Dramatic changes are under way at the Bombardier Learjet factory in Wichita as the manufacturer prepares for final assembly of the new Learjet 85.
Learjet vice-president and general manager David Coleal says that over the past 18-24 months the manufacturer has had "a strategic transformation" that completely revamps the way it does business. Lean manufacturing techniques have been introduced, resulting in new more efficient workflows and less waste.
"We've improved our on-time delivery performance from 20% to 88% in the past 18 months," Coleal says. "We've really done a good job at executing."
Coleal, a lean manufacturing expert who previously worked in the automotive industry and was responsible for introducing lean manufacturing at Cirrus Aircraft before joining Bombardier in early 2008, says the Learjet focus this year is on introducing facility improvements and layout changes. Next year he says the focus will be on introducing more elements of the lean production system, further eliminating waste and developing standardised work practices.
Having already accomplished what Coleal calls "a paradigm shift", the manufacturer aims to master lean production techniques in time for the start of Learjet 85 final assembly. Preparation for physical changes ahead of the start of Learjet 85 final assembly is also under way, including modifications to the production facility to accommodate the new programme.
Learjet 85 operations general manager Alan Young says the manufacturer has decided to locate the Learjet 85 final assembly line at the current location of the Learjet 60 final assembly line. Learjet 60 final assembly will shift and be co-located for the first time with Learjet 40/45 final assembly. "We are going to amalgamate the existing product line," Young says, adding that Learjet has completed studies to prove this is feasible.
Young explains that by going to a mixed model line for the 40, 45 and 60 "space is freed up for the Learjet 85 six-position line". He says the building will have to be renovated and modified because the Learjet 85 is bigger than the Learjet 60. But he adds that the cost of the modifications pales in comparison to what it would have cost to construct a new building for Learjet 85 final assembly. "We're trying to be cost conscious," Young says.
Coleal says that a mixed model line for the existing models would not have been feasible without lean production. He explains that lean manufacturing has enabled Learjet to compress the time required to assemble aircraft, allowing it to meet production requirements for all the existing models in a smaller space. "We're trying to get our lean production thinking hats on and use as much of the existing footprint as possible," Coleal says.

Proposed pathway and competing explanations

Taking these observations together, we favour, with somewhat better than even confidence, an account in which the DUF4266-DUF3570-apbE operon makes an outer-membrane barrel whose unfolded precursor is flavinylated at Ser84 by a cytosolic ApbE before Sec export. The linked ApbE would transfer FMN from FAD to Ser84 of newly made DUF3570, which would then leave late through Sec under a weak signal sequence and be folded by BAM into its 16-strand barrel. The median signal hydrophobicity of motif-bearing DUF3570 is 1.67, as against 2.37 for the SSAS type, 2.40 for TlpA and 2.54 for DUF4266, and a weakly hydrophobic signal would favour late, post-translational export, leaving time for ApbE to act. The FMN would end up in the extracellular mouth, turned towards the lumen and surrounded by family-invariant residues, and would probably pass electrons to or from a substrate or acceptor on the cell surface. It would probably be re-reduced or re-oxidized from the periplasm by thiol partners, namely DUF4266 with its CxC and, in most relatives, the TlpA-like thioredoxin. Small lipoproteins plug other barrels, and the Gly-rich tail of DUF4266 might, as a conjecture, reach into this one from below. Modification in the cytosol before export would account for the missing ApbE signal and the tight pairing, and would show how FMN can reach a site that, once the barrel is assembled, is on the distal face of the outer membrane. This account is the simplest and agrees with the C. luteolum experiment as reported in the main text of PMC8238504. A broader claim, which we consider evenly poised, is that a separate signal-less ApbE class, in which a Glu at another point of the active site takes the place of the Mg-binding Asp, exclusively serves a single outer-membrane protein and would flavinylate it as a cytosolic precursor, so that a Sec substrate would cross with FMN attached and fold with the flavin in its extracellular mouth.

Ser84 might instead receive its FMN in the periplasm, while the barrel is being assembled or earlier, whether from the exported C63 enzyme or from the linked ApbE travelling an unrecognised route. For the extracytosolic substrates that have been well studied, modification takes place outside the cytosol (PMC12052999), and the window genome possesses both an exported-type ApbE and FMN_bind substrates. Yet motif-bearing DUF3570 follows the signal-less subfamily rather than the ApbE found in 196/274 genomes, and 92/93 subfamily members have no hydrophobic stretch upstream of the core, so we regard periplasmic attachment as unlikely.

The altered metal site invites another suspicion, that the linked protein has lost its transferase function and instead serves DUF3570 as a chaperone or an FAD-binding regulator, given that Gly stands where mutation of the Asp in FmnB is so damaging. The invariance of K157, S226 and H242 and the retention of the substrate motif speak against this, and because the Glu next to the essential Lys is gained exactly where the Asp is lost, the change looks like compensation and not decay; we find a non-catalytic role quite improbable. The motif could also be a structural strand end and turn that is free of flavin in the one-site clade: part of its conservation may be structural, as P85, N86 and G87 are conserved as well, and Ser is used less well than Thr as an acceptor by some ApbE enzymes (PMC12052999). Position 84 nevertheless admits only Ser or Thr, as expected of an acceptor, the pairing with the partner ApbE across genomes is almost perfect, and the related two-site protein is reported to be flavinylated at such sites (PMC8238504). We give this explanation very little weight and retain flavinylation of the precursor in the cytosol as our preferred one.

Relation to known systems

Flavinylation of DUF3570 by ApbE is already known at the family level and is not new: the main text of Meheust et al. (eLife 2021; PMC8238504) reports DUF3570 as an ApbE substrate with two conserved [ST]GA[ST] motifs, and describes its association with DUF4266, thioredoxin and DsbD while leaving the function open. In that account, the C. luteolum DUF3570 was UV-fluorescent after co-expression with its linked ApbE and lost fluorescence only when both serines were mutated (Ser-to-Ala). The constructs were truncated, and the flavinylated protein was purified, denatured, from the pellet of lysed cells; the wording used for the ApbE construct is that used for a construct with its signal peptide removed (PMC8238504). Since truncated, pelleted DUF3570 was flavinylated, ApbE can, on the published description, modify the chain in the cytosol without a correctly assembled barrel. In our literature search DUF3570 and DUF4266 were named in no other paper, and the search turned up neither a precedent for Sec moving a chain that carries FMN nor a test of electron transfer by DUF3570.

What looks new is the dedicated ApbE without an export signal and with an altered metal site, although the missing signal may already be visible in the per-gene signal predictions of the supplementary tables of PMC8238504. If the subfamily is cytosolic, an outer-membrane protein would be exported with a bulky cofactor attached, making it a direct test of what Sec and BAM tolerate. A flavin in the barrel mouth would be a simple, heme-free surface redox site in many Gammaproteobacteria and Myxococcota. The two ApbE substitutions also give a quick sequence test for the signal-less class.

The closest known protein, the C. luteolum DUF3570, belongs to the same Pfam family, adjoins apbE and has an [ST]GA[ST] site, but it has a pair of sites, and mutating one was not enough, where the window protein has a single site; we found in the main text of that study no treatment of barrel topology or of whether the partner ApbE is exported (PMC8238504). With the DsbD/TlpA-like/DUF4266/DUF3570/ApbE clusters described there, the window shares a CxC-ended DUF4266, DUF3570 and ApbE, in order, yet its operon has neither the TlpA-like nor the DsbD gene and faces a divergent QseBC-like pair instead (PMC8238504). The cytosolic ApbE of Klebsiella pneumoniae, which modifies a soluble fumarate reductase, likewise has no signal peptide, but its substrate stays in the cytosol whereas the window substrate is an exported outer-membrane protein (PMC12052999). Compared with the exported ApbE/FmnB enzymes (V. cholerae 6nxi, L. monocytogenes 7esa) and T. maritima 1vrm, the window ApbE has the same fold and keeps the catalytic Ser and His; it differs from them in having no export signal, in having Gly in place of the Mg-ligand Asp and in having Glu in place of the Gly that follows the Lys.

While Bombardier has been able to avoid having to invest in a new final assembly building for the Learjet 85 it will be constructing new facilities to handle deliveries and painting. The new Learjet 85 delivery facility will be adjacent to the newly combined Learjet 40/45/60 final assembly building while the new paint hangar will be next to the paint hangar that already now handles all the existing models.
Finally, Bombardier will also open a new hangar to accommodate the Learjet 85 flight-test aircraft. This will be located on the other side of the campus and across from the Bombardier Aircraft Services complex.
Young says Wichita now has 170-180 employees - mainly engineers - working on the Learjet 85 programme. But he says this will grow "to north of 400" and "I think it will go close to 500 employees".
Young says more Learjet 85 detailed design work could be moved to Wichita from Montreal. If this is done, more engineers will be hired, which will not be difficult given the massive aerospace layoffs in Wichita this year.
"A year ago we were worried about not finding enough engineers for the programme," Coleal says, adding that given the recent turnout at local aerospace job fairs this is no longer an issue.
Learjet this year was recognised by Bombardier as its most improved business unit, but Coleal acknowledges the recognition is "a little bittersweet" given the downturn in the market, which has resulted in layoffs and several week-long factory shutdowns at Learjet. "The market demand has really shrunk. It's really unfortunate. We are really fighting for every deal as you can imagine," he says. "But I look out there and I'm really proud of what we've accomplished."
Young, who rejoined the Learjet unit last year after a stint working for Vought in Dallas, adds: "The transformation has literally been breathtaking."